Marketers are finding it hard to buy enough space on traditional TV networks' Web sites, which stream some network prime-time programs.
Ad space is available alongside the user-generated videos that draw millions of visitors to video-sharing sites like YouTube, but advertisers are wary about sponsoring videos that might be embarrassing or risqué. YouTube's new ad format, unveiled last week to intense advertiser interest, limits ads to videos from selected partners. While their audiences are tiny -- Geek Entertainment TV says it averages 10,000 to 20,000 viewers a show, though its most popular shows attract as many as 100,000 viewers -- their viewers are loyal.
Such programs also provide content of a consistent quality, in advertisers' eyes. "Marketers are very careful about their brands, and some of those user-created videos can be pretty raunchy...but brands are willing to experiment more with higher-quality videos," says Martin Reidy, chief executive of Publicis Modem and Publicis Dialog, digital-marketing units of ad holding company Publicis Groupe.
New York-based Next New Networks is planning to launch as many as 101 Web TV networks with shows that advertisers can sponsor, similar to the way ads work on traditional TV networks. The company now has 12 networks and recently sold its first major sponsorship, to Lionsgate for the Jet Li movie "War." In addition to banner ads that appear on the different networks' Web sites, promotions can be woven into plot lines or included as short commercial spots. During a show on the Jet Set network about Internet pop culture, the host mentions "War," a trailer for the movie plays and viewers are encouraged to upload videos showing their martial-arts skills. On the Indy Mogul network, which focuses on independent filmmaking, the host shows how to recreate special effects from a scene in the movie when a hand is stabbed.
These shows are an easier sell to advertisers when a single video site hosts several and can negotiate deals for all of them. The "Geek" ad deal with GoDaddy, for instance, was negotiated by blip.tv, a closely held New York video site that also hosts several other series, including "Alive in Baghdad," about Iraq, and "Break a Leg," about show business. Blip.tv splits the ad revenue with the program producers.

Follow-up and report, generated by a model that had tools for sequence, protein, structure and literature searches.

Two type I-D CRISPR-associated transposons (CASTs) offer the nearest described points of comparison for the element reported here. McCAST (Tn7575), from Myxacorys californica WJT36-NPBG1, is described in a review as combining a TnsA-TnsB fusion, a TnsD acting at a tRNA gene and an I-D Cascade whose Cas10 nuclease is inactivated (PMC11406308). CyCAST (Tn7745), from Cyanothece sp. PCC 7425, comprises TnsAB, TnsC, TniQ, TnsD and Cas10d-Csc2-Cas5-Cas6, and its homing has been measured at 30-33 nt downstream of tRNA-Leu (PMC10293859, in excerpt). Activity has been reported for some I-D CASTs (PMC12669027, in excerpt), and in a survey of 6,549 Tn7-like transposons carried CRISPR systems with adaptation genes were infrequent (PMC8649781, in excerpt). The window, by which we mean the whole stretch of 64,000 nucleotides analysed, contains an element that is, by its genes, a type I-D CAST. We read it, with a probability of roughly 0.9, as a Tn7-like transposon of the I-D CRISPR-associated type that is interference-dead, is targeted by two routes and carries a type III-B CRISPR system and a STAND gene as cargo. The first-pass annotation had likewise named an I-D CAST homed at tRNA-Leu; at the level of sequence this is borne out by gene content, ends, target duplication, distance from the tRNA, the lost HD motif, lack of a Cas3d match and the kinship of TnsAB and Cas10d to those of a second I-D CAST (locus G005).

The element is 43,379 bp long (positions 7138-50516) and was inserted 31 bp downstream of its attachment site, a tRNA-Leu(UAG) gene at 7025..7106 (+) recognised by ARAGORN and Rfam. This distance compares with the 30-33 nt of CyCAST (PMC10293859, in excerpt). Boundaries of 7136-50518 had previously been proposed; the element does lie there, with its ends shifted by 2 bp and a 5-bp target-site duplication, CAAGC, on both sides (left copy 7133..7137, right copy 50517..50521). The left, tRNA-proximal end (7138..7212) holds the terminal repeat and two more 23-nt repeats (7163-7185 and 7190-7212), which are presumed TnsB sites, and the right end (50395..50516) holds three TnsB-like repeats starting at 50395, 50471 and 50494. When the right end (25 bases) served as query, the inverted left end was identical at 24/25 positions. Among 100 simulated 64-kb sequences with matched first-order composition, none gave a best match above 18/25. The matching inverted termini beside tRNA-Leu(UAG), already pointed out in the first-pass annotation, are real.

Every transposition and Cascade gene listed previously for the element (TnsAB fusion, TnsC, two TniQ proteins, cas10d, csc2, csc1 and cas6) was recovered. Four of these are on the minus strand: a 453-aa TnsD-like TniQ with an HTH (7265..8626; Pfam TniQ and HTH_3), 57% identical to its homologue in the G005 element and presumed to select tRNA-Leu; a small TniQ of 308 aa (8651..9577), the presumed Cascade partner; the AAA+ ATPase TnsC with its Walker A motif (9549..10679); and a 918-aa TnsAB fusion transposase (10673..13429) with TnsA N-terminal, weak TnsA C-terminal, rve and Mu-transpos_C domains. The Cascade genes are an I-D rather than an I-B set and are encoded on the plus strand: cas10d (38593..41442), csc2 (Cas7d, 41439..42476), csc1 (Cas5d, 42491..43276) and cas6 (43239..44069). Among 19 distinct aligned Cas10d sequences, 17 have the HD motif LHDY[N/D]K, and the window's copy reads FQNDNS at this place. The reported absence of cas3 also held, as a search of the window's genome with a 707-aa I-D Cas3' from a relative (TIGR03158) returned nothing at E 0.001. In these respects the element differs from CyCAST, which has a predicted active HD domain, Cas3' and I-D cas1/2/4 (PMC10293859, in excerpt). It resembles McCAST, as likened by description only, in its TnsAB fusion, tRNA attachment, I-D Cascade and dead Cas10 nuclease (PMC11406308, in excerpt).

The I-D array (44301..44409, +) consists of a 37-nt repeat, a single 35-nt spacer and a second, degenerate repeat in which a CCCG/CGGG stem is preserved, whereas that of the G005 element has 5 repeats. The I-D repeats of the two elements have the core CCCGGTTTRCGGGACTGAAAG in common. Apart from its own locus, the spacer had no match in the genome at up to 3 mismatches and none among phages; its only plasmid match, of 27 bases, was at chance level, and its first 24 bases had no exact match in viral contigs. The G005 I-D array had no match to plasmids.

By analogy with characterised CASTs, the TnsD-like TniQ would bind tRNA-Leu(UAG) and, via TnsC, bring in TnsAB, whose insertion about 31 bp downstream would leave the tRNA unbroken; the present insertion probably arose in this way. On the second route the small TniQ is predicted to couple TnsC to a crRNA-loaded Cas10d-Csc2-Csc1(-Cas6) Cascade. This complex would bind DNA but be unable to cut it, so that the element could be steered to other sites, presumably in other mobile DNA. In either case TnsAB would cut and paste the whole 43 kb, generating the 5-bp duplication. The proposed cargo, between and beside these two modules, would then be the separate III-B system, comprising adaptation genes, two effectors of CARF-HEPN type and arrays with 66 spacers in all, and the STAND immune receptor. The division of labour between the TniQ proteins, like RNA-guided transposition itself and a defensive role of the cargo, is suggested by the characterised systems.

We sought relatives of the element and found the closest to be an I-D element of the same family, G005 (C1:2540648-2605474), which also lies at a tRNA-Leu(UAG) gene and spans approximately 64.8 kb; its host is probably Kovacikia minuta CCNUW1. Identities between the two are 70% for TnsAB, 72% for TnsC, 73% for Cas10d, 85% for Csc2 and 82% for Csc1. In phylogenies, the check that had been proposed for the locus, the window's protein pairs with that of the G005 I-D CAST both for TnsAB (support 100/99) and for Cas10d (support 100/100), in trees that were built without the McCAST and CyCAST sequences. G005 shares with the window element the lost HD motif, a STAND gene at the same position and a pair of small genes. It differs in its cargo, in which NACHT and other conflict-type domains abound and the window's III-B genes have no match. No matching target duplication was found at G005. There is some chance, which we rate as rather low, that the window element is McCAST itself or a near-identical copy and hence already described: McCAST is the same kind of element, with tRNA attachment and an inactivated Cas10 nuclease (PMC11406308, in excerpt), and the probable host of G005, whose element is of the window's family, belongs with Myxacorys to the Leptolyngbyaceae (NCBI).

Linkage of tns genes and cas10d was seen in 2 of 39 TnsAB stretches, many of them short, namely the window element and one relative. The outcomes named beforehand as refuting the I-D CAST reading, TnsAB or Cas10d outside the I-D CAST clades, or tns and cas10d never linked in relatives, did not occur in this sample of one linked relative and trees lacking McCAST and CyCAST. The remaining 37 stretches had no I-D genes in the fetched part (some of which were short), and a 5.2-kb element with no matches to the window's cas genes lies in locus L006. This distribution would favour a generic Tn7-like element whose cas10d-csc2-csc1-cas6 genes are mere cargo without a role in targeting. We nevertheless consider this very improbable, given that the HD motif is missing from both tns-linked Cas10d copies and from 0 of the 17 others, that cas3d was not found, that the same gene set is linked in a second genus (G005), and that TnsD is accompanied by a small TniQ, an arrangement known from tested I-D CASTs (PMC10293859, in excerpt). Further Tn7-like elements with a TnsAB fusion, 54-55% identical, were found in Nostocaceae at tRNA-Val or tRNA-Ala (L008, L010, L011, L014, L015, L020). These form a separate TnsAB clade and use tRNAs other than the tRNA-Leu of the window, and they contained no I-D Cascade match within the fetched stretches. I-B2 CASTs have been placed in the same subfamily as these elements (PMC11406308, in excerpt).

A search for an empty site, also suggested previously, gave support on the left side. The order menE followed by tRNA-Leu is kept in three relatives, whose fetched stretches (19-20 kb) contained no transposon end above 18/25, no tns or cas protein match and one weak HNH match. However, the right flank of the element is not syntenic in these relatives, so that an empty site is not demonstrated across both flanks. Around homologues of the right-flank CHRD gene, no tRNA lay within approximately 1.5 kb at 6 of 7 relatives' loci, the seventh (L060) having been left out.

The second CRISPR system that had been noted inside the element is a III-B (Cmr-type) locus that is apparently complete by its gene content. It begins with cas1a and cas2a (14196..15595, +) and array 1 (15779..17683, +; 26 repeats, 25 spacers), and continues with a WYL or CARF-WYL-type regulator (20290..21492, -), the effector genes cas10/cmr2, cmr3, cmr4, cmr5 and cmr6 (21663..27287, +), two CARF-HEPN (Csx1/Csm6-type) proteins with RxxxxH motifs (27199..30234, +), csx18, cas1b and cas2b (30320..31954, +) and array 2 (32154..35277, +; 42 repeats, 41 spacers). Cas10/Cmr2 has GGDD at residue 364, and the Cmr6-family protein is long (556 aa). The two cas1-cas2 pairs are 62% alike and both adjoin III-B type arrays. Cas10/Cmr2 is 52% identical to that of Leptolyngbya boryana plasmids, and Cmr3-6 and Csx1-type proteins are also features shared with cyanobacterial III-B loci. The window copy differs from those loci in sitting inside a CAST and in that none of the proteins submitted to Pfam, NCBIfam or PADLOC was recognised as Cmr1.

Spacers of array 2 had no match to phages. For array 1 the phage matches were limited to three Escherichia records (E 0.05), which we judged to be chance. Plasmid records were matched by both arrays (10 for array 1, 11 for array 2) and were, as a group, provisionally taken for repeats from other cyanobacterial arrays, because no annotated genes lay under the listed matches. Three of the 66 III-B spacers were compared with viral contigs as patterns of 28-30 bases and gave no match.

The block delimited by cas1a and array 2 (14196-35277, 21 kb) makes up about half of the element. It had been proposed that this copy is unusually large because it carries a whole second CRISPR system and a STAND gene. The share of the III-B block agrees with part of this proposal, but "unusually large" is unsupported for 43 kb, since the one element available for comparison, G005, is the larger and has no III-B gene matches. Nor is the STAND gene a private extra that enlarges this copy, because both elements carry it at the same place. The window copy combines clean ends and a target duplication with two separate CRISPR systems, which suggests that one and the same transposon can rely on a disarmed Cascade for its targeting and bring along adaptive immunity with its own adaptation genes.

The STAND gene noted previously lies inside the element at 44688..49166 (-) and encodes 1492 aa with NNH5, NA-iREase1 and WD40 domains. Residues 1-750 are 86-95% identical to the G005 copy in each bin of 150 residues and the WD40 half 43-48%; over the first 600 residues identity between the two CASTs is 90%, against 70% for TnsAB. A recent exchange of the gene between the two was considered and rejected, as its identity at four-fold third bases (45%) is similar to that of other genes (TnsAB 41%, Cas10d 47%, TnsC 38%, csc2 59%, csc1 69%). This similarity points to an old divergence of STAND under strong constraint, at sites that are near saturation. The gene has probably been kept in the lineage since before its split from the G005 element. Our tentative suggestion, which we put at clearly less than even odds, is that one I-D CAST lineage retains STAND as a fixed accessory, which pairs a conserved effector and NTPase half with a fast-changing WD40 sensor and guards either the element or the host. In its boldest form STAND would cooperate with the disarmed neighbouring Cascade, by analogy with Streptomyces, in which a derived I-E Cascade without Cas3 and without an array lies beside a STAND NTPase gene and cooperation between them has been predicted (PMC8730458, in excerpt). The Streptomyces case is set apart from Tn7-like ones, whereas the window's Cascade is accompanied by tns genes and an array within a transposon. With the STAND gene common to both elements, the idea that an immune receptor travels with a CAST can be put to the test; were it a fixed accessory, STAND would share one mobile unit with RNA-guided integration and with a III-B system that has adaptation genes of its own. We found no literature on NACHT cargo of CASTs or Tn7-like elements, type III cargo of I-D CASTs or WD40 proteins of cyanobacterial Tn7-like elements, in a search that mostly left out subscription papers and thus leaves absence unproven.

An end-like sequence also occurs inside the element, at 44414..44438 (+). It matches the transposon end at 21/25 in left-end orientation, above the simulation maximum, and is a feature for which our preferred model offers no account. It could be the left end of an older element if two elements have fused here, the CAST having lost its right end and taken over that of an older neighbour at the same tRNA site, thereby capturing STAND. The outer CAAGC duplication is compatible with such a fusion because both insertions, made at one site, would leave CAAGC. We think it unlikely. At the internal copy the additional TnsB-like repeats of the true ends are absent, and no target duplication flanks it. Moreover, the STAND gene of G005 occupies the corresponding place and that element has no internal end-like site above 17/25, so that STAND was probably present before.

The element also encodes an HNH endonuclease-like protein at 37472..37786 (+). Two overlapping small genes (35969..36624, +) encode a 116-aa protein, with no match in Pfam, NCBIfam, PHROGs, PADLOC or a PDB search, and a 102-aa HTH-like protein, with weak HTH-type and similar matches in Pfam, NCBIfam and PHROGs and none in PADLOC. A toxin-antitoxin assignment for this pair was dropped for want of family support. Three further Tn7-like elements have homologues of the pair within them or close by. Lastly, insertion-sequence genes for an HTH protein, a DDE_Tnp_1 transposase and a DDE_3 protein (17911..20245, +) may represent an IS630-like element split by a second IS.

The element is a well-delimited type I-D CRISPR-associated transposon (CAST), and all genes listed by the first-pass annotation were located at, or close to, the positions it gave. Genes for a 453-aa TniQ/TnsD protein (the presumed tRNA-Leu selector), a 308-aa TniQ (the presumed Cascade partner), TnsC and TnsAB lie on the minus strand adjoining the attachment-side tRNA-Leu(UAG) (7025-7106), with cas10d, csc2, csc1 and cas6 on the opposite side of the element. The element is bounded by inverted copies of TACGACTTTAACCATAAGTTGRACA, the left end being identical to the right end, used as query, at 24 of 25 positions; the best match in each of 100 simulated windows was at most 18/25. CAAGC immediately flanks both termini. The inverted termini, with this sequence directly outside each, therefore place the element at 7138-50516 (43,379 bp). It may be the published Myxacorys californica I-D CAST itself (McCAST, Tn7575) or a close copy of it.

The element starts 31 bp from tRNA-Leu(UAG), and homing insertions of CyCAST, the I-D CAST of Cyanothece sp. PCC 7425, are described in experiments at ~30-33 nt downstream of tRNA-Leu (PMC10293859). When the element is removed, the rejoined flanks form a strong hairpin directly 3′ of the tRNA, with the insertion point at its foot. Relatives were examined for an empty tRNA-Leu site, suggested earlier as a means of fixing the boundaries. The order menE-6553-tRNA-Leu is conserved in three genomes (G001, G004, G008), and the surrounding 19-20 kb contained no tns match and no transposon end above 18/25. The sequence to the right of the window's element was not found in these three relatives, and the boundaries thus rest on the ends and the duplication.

Traditional media companies are getting in on the action: In recent months, CBS acquired Wallstrip.com, a daily show about Wall Street culture and pop culture, and Discovery Communications bought Treehugger.com, an eco-lifestyle Web site that produces video segments.
Further adding to these niche programs' appeal for advertisers is that many of them offer customized sponsorships. Some are willing to produce a segment on an advertiser's product or have the program's host mention the sponsor. To promote its fall denim collection, clothing chain Express created a campaign with "Ford Models TV," a Web series produced by modeling agency Ford Models that features models talking about fashion and other subjects.
During two different videos, a male model and a female model talk about how they wear their jeans, each mentioning Express jeans during the segment. "We sent the models a few bags of clothes before the shoot, but we didn't send them a script with lines. We really wanted them telling the story," says Pam Seidman, director of communications for Express. Ms. Seidman says she is pleased so far with the campaign.
To be sure, advertising on niche Web TV shows isn't for every marketer. Not only are audiences relatively small, but pricing models and measurement systems aren't yet established. Most advertisers view the outlets as a testing ground or as one piece of a bigger ad campaign. "I don't know that video sites like this are attractive across the board. They have to fit contextually," says Babs Rangaiah, director of media and entertainment at Unilever, which recently ran a campaign on a Web show hosted by blip.tv to promote a consumer-generated contest in which people were invited to submit ads for a new body wash, Dove Cream Oil.